Students using the south entrance of the Student Health Center off Dan Allen Drive probably don’t realize they’re walking on gold. But there’s a secret world under their feet as they cross the parking lot, and it’s just one of the features that helped NC State earn a prestigious award for sustainable development: the LEED gold rating.
LEED, which stands for Leadership in Energy and Environmental Design, is a rigorous rating system administered by the U.S. Green Building Council to encourage energy-saving construction practices.
“We’ve talked a lot about sustainability in recent years,” said David Dean, outreach coordinator in the University Sustainability Office. “Now we’re turning our vision into reality.”
In 2008, NC State made a commitment to attain a LEED silver rating or better on construction projects over 20,000 square feet. The addition and remodel of the Student Health Center, completed last summer, is the first project to earn a gold rating.
Who’ll Stop the Rain?
So what about those secret sustainable features? Construction project manager Charlie Marshall was happy to point them out during a tour of the center on Tuesday.
One of the goals of the project was to protect the nearby Rocky Branch Creek from excessive storm water runoff, he explained. The solution: rain gardens in the parking lot. You don’t actually notice them at first; they just look like landscaped islands at the end of each row of parking.
But on closer inspection, you’ll notice that the curbs on the uphill sides have cutouts that allow rainwater to accumulate inside the islands, where it is then filtered and absorbed into the ground.
Slow the Flow
Of course not all the rainwater goes into these ingenious rain gardens. But if you look closely, you’ll see that there are several brick pathways embedded in the asphalt between the rows of cars. Another sustainability feature, Marshall said.
The brick paving system is pervious, allowing it to absorb rainwater. Once the water goes through the paving system, it’s filtered by a special spongy material to reduce its content of nitrogen and other materials, and then channeled slowly underground down the slope of the parking lot toward the stream.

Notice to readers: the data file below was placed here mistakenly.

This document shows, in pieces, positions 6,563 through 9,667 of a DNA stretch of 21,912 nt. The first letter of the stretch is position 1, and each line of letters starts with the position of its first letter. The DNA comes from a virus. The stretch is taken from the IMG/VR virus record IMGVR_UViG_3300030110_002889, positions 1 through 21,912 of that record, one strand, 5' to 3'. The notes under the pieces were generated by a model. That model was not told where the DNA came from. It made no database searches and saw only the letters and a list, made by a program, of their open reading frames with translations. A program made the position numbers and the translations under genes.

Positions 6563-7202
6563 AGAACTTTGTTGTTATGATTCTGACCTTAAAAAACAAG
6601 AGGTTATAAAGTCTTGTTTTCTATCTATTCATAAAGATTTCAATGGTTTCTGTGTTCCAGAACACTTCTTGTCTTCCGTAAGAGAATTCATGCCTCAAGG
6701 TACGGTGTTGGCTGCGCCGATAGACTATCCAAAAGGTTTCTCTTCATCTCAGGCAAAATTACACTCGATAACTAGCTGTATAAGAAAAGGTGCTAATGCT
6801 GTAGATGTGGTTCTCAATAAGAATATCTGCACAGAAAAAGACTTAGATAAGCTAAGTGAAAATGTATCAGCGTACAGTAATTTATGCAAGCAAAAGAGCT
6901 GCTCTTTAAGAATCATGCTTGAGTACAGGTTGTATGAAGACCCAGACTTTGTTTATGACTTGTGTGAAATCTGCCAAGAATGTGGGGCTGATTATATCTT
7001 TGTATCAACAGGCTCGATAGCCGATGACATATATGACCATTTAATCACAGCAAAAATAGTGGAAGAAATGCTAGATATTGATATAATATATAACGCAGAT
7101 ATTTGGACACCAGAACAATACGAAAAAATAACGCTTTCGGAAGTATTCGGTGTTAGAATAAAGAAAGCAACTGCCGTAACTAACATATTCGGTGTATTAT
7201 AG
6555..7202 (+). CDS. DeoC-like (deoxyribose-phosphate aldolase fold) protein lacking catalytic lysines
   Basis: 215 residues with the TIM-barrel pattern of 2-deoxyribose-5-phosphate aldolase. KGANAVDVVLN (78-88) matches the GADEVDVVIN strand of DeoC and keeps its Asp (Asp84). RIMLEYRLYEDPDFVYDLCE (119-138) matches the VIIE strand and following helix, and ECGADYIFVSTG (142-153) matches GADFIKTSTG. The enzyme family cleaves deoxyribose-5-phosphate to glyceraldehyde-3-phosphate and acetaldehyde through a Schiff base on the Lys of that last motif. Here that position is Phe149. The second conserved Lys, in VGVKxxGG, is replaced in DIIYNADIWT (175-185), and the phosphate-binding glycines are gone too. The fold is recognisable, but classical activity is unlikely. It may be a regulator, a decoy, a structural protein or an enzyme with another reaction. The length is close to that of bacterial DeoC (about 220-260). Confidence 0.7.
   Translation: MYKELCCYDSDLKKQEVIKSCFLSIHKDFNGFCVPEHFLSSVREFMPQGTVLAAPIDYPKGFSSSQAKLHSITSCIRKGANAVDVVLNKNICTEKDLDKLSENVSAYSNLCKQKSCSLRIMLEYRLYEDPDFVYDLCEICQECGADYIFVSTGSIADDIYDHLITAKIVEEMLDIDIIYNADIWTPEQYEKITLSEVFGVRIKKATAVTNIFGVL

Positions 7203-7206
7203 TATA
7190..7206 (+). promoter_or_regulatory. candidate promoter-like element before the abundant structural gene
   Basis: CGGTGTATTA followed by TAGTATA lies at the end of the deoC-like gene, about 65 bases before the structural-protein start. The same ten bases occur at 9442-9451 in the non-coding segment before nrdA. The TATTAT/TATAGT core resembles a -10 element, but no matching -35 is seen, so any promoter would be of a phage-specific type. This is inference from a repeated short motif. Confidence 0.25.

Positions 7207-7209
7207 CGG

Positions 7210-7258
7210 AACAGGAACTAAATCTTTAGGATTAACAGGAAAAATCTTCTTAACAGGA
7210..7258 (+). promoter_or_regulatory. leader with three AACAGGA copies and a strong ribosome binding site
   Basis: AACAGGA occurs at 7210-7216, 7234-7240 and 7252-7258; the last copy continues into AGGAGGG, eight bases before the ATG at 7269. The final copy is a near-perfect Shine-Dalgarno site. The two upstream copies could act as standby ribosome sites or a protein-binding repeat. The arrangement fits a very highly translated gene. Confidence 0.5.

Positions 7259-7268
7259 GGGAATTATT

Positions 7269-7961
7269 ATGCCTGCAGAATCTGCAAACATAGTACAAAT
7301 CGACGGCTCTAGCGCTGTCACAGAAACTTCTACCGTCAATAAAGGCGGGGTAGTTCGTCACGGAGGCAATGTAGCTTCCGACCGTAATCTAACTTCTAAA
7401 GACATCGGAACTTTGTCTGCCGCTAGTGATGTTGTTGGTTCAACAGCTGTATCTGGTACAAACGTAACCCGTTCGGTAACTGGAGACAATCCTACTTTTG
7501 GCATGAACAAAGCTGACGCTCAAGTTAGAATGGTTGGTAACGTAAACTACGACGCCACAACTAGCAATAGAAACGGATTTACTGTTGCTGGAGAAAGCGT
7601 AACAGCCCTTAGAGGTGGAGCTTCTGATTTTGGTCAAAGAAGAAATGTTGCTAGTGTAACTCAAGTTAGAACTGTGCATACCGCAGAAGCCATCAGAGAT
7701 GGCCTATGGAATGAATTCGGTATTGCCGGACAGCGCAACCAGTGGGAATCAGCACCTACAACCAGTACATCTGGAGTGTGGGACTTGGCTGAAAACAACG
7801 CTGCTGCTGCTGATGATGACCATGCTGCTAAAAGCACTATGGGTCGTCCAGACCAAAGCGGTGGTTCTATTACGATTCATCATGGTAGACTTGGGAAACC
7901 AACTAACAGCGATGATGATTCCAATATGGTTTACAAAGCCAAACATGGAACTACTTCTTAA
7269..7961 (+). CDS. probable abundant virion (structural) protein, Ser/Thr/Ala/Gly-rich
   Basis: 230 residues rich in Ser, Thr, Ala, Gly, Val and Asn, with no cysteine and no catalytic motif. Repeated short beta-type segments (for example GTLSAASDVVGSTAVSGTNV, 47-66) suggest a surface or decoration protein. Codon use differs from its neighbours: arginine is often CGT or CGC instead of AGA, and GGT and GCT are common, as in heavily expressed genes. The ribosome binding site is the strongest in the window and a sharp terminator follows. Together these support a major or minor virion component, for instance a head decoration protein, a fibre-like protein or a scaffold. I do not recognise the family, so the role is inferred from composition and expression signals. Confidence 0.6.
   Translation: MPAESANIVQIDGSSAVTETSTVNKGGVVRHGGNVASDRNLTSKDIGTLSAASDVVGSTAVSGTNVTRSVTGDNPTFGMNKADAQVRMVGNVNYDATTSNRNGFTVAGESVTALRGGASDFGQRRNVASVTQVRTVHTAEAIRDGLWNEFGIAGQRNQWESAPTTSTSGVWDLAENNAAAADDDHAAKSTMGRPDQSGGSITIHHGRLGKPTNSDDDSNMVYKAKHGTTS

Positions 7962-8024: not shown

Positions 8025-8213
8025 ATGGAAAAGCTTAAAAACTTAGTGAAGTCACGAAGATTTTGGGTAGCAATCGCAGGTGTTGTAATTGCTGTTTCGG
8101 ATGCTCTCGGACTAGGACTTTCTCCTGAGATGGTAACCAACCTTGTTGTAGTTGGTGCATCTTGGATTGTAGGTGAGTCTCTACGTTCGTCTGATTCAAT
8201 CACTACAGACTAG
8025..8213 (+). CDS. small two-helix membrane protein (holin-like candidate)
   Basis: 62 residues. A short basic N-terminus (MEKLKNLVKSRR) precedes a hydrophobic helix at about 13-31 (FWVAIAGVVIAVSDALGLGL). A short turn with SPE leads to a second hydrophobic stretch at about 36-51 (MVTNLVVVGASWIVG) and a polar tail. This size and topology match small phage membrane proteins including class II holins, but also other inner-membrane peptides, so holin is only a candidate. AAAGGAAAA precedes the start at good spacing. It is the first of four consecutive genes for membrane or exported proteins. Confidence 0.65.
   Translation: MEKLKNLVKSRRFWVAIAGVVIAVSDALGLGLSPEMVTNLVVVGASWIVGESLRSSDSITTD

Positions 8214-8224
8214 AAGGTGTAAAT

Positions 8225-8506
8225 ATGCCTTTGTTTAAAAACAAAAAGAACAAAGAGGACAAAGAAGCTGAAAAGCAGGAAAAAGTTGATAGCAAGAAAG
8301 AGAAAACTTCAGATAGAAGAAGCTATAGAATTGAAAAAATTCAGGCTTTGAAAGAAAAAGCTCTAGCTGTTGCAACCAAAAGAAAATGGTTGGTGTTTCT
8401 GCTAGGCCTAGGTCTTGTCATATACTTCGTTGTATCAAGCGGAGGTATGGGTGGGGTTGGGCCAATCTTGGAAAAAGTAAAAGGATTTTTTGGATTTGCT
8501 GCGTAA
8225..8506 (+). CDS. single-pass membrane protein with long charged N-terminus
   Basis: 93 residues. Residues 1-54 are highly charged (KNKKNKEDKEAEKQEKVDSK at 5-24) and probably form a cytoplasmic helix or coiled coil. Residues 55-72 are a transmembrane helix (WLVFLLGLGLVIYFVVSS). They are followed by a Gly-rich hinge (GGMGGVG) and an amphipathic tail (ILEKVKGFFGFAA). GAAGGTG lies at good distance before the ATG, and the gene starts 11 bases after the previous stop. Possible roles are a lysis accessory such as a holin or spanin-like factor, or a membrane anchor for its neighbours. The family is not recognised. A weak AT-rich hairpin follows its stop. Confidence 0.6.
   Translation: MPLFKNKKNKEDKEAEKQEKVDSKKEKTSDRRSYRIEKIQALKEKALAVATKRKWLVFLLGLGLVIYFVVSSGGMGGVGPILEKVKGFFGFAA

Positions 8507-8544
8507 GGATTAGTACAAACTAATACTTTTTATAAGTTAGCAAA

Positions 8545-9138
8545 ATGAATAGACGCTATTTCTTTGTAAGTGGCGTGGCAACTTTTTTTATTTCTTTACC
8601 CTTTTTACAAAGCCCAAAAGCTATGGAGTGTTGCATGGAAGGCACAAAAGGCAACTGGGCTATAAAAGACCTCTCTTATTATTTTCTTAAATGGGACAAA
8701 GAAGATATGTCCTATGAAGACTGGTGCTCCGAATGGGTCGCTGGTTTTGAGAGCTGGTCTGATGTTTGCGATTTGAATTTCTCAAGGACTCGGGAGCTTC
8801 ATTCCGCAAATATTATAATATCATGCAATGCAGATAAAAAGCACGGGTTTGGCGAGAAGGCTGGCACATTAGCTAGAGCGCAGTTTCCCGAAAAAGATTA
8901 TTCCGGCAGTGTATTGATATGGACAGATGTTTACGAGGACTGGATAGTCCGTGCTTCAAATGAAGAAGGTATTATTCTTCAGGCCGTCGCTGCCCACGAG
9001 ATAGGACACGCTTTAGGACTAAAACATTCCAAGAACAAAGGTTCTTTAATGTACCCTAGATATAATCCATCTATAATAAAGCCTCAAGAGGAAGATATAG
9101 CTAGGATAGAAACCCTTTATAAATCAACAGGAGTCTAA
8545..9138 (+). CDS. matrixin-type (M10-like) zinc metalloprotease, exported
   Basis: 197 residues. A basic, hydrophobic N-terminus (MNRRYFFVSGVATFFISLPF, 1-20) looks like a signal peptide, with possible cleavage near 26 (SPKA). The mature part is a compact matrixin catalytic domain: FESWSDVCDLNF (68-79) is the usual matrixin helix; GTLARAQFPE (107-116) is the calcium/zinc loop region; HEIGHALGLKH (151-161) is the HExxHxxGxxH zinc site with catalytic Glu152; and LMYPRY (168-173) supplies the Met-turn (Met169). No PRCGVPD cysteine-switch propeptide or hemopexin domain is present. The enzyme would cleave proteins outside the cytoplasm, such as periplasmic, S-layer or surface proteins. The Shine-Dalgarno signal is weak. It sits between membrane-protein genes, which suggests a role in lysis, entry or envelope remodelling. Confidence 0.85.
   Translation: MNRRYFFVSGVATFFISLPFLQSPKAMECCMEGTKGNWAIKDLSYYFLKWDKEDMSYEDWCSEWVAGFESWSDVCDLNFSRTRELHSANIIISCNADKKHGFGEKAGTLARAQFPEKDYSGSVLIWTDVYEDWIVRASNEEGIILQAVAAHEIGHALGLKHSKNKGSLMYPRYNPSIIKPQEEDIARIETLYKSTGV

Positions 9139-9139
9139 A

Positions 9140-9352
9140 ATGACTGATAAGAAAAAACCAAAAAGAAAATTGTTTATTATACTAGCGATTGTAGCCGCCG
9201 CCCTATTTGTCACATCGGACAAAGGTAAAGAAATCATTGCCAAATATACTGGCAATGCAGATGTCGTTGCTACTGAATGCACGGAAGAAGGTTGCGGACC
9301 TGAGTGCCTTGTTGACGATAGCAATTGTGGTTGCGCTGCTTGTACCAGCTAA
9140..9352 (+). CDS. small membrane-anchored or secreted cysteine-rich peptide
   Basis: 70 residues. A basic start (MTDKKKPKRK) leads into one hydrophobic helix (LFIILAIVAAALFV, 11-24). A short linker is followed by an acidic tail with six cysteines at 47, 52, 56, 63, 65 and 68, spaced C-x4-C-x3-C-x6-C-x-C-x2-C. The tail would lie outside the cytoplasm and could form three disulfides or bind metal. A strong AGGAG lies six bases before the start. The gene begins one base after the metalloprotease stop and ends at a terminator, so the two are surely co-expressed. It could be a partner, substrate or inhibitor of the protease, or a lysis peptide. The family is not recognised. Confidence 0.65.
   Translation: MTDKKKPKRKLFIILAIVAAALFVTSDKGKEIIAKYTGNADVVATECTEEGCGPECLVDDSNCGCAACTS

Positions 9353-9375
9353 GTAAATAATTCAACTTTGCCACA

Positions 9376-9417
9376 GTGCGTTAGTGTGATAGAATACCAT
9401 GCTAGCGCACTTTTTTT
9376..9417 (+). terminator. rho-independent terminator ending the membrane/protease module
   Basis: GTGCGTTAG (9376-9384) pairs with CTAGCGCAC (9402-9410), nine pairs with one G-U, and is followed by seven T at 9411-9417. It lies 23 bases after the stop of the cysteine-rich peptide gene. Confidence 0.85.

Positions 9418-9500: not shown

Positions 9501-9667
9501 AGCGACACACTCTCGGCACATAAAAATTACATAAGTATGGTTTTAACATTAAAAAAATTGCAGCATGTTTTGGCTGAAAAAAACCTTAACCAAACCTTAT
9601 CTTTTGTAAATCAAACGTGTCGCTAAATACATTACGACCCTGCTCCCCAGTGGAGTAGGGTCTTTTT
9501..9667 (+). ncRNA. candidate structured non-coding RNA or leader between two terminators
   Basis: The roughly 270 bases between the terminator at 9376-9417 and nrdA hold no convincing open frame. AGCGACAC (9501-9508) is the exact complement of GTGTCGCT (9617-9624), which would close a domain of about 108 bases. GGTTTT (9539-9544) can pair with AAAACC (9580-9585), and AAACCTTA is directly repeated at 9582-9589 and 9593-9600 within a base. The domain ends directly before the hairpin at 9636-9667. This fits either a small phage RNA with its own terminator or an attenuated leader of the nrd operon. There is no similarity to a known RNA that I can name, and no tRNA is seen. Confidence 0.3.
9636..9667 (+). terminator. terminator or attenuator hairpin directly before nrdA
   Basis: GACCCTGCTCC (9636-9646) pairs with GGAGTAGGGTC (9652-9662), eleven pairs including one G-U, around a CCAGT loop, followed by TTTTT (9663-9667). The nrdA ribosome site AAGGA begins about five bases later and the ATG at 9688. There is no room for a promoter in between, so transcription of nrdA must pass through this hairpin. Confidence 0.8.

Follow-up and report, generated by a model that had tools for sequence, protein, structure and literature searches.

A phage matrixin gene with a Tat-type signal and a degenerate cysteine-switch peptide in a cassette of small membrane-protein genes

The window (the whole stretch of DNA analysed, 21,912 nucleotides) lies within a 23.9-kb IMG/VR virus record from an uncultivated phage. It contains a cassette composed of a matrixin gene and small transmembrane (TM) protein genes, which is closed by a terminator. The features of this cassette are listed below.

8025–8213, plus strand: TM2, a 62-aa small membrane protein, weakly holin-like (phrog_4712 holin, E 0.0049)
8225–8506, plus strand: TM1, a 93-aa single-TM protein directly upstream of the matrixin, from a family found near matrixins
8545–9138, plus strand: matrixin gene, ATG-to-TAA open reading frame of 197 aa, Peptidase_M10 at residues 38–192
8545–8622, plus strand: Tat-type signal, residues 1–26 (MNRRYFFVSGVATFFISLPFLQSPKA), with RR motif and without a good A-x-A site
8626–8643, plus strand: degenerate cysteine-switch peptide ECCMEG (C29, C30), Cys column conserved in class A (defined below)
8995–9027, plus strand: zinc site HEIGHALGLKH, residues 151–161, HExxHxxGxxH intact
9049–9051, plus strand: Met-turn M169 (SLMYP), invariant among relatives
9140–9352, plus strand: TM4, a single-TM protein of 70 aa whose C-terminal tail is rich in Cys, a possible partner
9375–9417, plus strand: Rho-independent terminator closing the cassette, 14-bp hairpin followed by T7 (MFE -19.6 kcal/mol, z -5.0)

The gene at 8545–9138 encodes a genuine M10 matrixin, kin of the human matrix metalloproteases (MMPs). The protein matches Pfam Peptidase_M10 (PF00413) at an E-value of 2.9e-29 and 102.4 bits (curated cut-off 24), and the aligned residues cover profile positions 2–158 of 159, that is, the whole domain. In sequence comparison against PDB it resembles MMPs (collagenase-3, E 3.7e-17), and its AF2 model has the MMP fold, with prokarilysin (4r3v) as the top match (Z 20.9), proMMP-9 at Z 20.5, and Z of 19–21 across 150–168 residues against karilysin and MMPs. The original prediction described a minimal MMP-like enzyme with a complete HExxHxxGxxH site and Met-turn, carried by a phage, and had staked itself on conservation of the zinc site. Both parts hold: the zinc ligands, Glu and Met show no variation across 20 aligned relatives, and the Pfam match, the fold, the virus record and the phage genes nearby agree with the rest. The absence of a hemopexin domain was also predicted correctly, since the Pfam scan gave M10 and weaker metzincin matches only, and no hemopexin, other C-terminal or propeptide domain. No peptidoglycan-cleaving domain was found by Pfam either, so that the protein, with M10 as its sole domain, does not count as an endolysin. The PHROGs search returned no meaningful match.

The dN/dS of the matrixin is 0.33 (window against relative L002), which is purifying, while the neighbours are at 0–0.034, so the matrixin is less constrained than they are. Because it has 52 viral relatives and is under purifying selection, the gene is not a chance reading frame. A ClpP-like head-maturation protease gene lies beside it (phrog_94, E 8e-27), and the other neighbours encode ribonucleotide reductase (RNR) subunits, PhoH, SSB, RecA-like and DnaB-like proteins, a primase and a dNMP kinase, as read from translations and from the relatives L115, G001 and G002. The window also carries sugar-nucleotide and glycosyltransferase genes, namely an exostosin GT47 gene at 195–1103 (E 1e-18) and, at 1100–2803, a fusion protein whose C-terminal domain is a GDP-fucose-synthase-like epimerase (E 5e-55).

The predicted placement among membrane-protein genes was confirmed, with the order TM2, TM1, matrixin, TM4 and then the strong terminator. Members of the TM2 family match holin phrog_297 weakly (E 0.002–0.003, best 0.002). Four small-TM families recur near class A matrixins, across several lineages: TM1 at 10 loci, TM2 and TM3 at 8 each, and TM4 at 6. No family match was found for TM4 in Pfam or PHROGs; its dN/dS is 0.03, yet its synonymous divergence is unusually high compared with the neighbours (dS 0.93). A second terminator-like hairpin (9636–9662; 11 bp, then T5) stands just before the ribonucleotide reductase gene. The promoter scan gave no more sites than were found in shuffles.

Rain that falls on the roof of the health center is captured and channeled into an underground cistern, where it can be tapped to irrigate the grassy common area on the east side of the center.
“We don’t have to purchase water for irrigation,” Marshall said. “We just collect it from God.”
Even so, the designers on the project decided to incorporate drought resistant plants into the landscaping around the building.
The design project manager, Sumayya Jones-Humienny, worked with BBH Design of Raleigh to identify every possible sustainable feature that could be incorporated into construction.
“In my opinion, good design is sustainable design and it always has been,” she said Wednesday.
Among the green features in the building are:
- Occupancy sensors to control energy use
- Low flow plumbing fixtures
- Bike racks and a shower on site to encourage employees to bike to work
- Full cutoff exterior light fixtures to reduce light pollution
- Low volatile organic compound (VOC) building materials
- A highly reflective roof
- Variable frequency drives on air conditioner fans
Perhaps the most welcome green feature from an employee’s standpoint is the innovative use of natural light to brighten up virtually every area of the center. Achieving that effect was challenging, Jones-Humienny said, since the project involved an addition to an existing building.
“It was kind of a tight puzzle to work within,” she said. But the design team came through, strategically placing work areas close to large windows.
Although sustainable features add some expense at the front end of the design and construction process, the benefits are reaped over the life of the project, she said. Plus, they’re popular with the current generation of environmentally conscious students, who look to the university to provide leadership in sustainability.
Certainly the protection of Rocky Branch Creek, which meanders across campus, is an important goal. Before it was restored through the efforts of NC State and North Carolina Sea Grant, it was identified as the state’s most polluted urban stream.
Jones-Humienny walked along the creek recently and was delighted by what she saw.
“It’s working. We’re attracting wildlife back to the creek,” she said.
Then, observing a family of beavers, she added, “As long as they don’t build a dam.”